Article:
Brand new luxury hotel. Trendy, fun, and fantastic. Great bar and restaurant on the 16th floor (as is the lobby) with good views. Walking distance to Pioneer Square and the football, soccer, and baseball stadiums. Ideal for honeymooners, a romantic weekend, or anyone happy to spend their time primarily in the hotel itself. (The surrounding 2 or 3 blocks in any direction hold little interest and almost no shops or restaurants. Pike Place Market is about a 12-minute walk to the west.)
Map of Seattle Hotels
Seattle Neighborhoods for Tourists
Where to stay in Seattle? The core of Seattle is fairly compact, and most visitors choose to stay within the city’s central corridor neighborhoods: Downtown, Belltown, Pioneer Square, the Waterfront, South Lake Union, and the area surrounding Seattle Center. Seattle’s long rainy season and hilly terrain make it a good idea to book a hotel near to what you plan to spend the most time.
• Close to Pike Place Market
The neighborhoods of Downtown, Belltown, and Pioneer Square are all within an easy walk of Pike Place Market. The Waterfront is not far, distance-wise, but is separated from the Market by a busy street and a steep hill.
• Close to the Space Needle
Seattle Center, where the Space Needle is located, straddles the neighborhoods of Lower Queen Anne and Denny. This can be a good choice for those looking for a hotel outside of the busiest part of the city, but still close to museums and easy transport into downtown.
• Close to Shopping
Nordstrom’s flagship store, as well as Westlake Center and the high-end Pacific Place shopping malls are located Downtown. Local and independent boutiques are common in Belltown and Pioneer Square.
• Close to the Convention Center
Downtown hotels are best for visitors attending Washington State Convention Center events, and the further from the waterfront, the close you’ll be. (Look for hotels located on or near 6th, 7th, or 8th Avenues.) Belltown and Pioneer Square hotels are within a 10-15 walk.
• Close to Universities
The University of Washington is located 5 miles northeast of downtown Seattle. There are many good hotels in the University District (“U-District” to locals), and the UW’s Link light rail station makes for easy transit from Downtown, Pioneer Square, and Capitol Hill.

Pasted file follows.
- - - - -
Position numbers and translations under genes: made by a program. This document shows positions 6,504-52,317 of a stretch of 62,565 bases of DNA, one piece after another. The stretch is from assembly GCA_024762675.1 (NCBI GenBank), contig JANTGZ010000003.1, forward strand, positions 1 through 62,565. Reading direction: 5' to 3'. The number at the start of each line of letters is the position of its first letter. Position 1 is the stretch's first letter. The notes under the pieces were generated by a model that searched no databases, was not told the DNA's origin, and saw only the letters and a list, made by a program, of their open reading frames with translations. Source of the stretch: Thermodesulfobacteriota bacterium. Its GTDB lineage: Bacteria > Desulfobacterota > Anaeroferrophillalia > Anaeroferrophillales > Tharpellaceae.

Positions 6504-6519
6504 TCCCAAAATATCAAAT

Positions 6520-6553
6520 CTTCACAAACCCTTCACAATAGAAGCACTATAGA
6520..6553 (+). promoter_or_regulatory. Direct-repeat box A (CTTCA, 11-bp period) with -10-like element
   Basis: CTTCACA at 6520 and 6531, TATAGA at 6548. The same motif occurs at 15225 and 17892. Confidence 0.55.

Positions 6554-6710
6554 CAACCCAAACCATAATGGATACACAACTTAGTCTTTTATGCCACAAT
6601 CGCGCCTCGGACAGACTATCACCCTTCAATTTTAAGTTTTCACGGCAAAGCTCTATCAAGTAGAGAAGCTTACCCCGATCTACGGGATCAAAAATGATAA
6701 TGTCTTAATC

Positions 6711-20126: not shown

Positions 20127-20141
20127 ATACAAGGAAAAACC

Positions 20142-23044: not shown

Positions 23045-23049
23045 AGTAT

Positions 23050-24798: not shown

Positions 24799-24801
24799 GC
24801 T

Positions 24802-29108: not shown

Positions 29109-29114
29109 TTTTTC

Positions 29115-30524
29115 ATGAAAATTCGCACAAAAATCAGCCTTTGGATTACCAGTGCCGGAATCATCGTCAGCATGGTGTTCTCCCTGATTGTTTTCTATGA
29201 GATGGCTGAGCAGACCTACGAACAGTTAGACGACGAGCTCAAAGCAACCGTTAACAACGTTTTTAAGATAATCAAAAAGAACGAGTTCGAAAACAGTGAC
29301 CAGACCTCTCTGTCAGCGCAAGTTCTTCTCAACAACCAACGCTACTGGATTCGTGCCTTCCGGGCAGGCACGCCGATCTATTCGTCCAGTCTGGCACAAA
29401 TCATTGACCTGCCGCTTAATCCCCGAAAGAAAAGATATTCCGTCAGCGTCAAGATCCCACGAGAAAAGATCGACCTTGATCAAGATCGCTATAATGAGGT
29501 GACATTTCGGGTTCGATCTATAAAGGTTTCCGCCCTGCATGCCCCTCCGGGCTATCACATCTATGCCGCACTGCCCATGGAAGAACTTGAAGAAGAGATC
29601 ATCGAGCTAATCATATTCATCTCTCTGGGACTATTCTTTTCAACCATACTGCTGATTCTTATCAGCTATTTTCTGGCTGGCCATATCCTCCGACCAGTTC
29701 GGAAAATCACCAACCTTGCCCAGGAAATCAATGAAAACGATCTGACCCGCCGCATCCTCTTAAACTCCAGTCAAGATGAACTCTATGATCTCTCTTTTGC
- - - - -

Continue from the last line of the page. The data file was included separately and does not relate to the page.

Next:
Seattle University is located in the Capitol Hill neighborhood, within walking distance of a couple of good hotels. Capitol Hill is connected to Downtown, Pioneer Square, and the University District by light rail, and to Pioneer Square via street car.
Seattle Pacific University lies a few miles north of downtown Seattle, separated from the city center by steep Queen Anne Hill. The neighborhoods with easiest access to SPU are Seattle Center and South Lake Union.
• Close to Cruise Ports
Travelers embarking from The Bell Street Terminal on Norwegian and Oceania cruise lines would do best to stay on the Waterfront (walkable), or Downtown or Belltown (a quick taxi/ride share away).
Carnival, Celebrity Cruises, Holland America Line, Princess Cruises and Royal Caribbean International cruise lines sail from Smith Cove Terminal. This terminal isn’t walkable to any hotels, but is an easy taxi, ride share, or shuttle ride from Seattle Center area hotels, as well as Downtown.
More information about cruising from Seattle can be found here: Seattle Cruise Port Guide.
• Best Views
The best Elliott Bay views are found in Waterfront hotels, and Downtown hotels located near Pike Place Market or with high floors. The best Space Needle views are in Seattle Center and South Lake Union area hotels. South Lake Union hotels have pleasant lake views.
• Best Nightlife
Seattle’s nightlife scene is the most active in Belltown and Capitol Hill, and to a lesser extent Pioneer Square. For a neighborhood nightlife vibe try Ballard, Fremont, or Wallingford.
• Best for a Quiet Stay
To be close to the city, but outside of most of the noise and crowds, choose a South Lake Union or Seattle Center hotel (but avoid Seattle Center hotels on Labor and Memorial Day, when music festivals congest the area).
• Best Connected for Transit
Downtown, Pioneer Square, Capitol Hill, and the University District all have stations on Seattle’s light rail line, which also connects to the airport. South Lake Union and Capitol Hill connect to Downtown via street car line, and the Seattle Monorail connects Seattle Center to the downtown core.
Staying in Downtown Seattle
Dense and dynamic, Seattle’s downtown core is home to most of the city’s best (and most expensive) hotels, as well as some of our most incredible hotel room views. Loads of great shopping, dining, and entertainment options are at your doorstep: By day, browse the market stalls at Pike Place and the galleries at SAM. Get your fashion fix at the original Nordstrom location at 6th and Pine. At night, step out for a show – you’ll have your pick of all types of music, theater, and dance. At any time of day, you’re surrounded by fantastic restaurants just waiting to serve you award-winning Northwest cuisine and the freshest seafood you’ll ever taste.
Expect to pay premium rates to stay downtown, especially in the summer months. A car isn’t essential – this area is exceptionally walkable, and parking can be expensive and hard to come by. (Hotels charge $30-$40/night extra for valet parking.) Generally, what’s not accessible by foot is easily reached via light rail, street car, or monorail.
- The Four Seasons • Review • Hotel phone: (206) 749 7000
- Inn at the Market • Hotel phone: (206) 443 3600
- Thompson Seattle • Review • Hotel phone: (206) 623-4600
- Alexis Royal Sonesta • Hotel phone: (206) 624 4844